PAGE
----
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Article ID: 699065

Making Sense, Pictures of Medical Data

Washington University in St. Louis

A picture may be worth a thousand words, but what if you don't want a whole essay? A WashU computer engineer is building visualizations to clarify and condense health risk data for patients.

Released:
15-Aug-2018 4:30 PM EDT
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Article ID: 699058

WashU Expert: Transgender Candidate’s Gubernatorial Nomination Opportunity to Learn

Washington University in St. Louis

Christine Hallquist became the first transgender candidate to be nominated for a governorship by a major party when she won Vermont’s Democratic primary Aug. 14. The nomination marks an historic moment in transgender activism, said an expert on transgender aging at Washington University in St. Louis.“Christine Hallquist’s nomination provides an opportunity to appreciate and learn from the ways that collective social action on the part of trans activists brings forth both opportunities for individuals, but also impacts the social and cultural forces that we all navigate,” said Vanessa Fabbre, assistant professor at the Brown School, who studies LGBTQ aging.

Released:
15-Aug-2018 3:35 PM EDT
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Pop Culture

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Article ID: 698983

Tabak receives $3.3 million NIH grant to study obesity in young mothers

Washington University in St. Louis

Young mothers are facing obesity and chronic disease at epidemic proportions, and Washington University in St. Louis researchers will use a new grant to test alternatives for prevention and intervention.Rachel Tabak, research associate professor at the Brown School, has received a five-year, $3.3 million grant from the National Institutes of Health to study ways to prevent weight gain and chronic disease among mothers age 18-35.

Released:
14-Aug-2018 2:05 PM EDT
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Social and Behavioral Sciences

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Article ID: 698808

Scientists Uncover New Details in How Sense of Smell Develops

Washington University in St. Louis

Researchers at Washington University School of Medicine in St. Louis have uncovered new details in how the olfactory epithelium develops. The new knowledge could help scientists prove that turbinates and the resulting larger surface area of the olfactory epithelium are one definitive reason dogs smell so well.

Released:
9-Aug-2018 6:05 PM EDT
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Article ID: 698783

There and Back Again: Mantle Xenon Has a Story to Tell

Washington University in St. Louis

Study constrains the history of volatile transport from the atmosphere into the deep Earth

Released:
9-Aug-2018 11:05 AM EDT
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Article ID: 698631

Inducing labor at 39 weeks reduces likelihood of C-sections

Washington University in St. Louis

Inducing labor in healthy first-time mothers in the 39th week of pregnancy results in lower rates of cesarean sections compared with waiting for labor to begin naturally at full term, according to a multicenter study funded by the National Institutes of Health (NIH). Additionally, infants born to women induced at 39 weeks did not experience more stillbirths, newborn deaths or other major health complications.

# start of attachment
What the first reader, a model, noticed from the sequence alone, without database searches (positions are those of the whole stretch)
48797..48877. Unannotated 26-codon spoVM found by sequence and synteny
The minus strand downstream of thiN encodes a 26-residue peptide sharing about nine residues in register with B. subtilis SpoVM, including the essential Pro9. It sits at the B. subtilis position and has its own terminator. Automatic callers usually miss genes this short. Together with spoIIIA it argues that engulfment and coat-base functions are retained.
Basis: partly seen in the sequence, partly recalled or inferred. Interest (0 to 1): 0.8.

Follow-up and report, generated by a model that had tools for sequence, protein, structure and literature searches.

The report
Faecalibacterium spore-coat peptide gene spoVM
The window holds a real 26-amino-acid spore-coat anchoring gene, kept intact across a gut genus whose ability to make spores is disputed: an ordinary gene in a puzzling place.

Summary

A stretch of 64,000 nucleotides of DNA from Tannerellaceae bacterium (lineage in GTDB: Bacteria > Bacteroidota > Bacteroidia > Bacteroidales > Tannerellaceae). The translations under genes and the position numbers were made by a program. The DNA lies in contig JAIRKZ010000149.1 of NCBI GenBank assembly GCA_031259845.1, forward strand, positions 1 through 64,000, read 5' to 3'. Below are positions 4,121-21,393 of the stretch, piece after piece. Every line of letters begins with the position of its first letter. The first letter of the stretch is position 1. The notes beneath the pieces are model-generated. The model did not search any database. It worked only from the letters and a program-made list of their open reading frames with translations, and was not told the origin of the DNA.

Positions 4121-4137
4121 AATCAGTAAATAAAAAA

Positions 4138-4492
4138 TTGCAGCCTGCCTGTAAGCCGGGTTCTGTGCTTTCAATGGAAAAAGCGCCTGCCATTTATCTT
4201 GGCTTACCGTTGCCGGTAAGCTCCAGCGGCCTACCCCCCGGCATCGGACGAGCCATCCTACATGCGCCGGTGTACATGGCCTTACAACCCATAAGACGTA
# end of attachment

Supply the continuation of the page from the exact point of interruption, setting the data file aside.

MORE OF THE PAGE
Released:
8-Aug-2018 5:00 PM EDT
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  • Embargo expired:
    6-Aug-2018 3:00 PM EDT

Article ID: 698446

Women Survive Heart Attacks Better with Women Doctors

Washington University in St. Louis

A review of nearly 582,000 heart attack cases over 19 years showed female patients had a significantly higher survival rate when a woman treated them in the ER, according to research from faculty at the University of Minnesota-Twin Cities, Washington University in St. Louis and Harvard.

Released:
2-Aug-2018 8:00 AM EDT
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Article ID: 698481

Locusts help uncover the mysteries of smell

Washington University in St. Louis

By looking into the brains of locusts, researchers in the School of Engineering & Applied Science at Washington University in St. Louis have determined how one smell can affect another, and how a locust can recognize a smell even though its brain activity looks different depending on the context.

Released:
3-Aug-2018 11:00 AM EDT
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Article ID: 698485

Role of Cell Group Behavior in Cancer Target of $1.9 Million Award

Washington University in St. Louis

Researchers have thought that cancer begins when a single cell goes rogue in the body, then begins to grow and multiply. Now, they are investigating evidence of more damage when a group of cells breaks off from a colony and more follow, leading to large-scale metastasis.

Released:
2-Aug-2018 1:05 PM EDT
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Article ID: 698474

Building the Backbone of a Smarter Smart Home

Washington University in St. Louis

Professor William Yeoh is designing algorithms to run the smart homes of the future – and he's making sure they won't bother us too much.

Released:
2-Aug-2018 11:05 AM EDT
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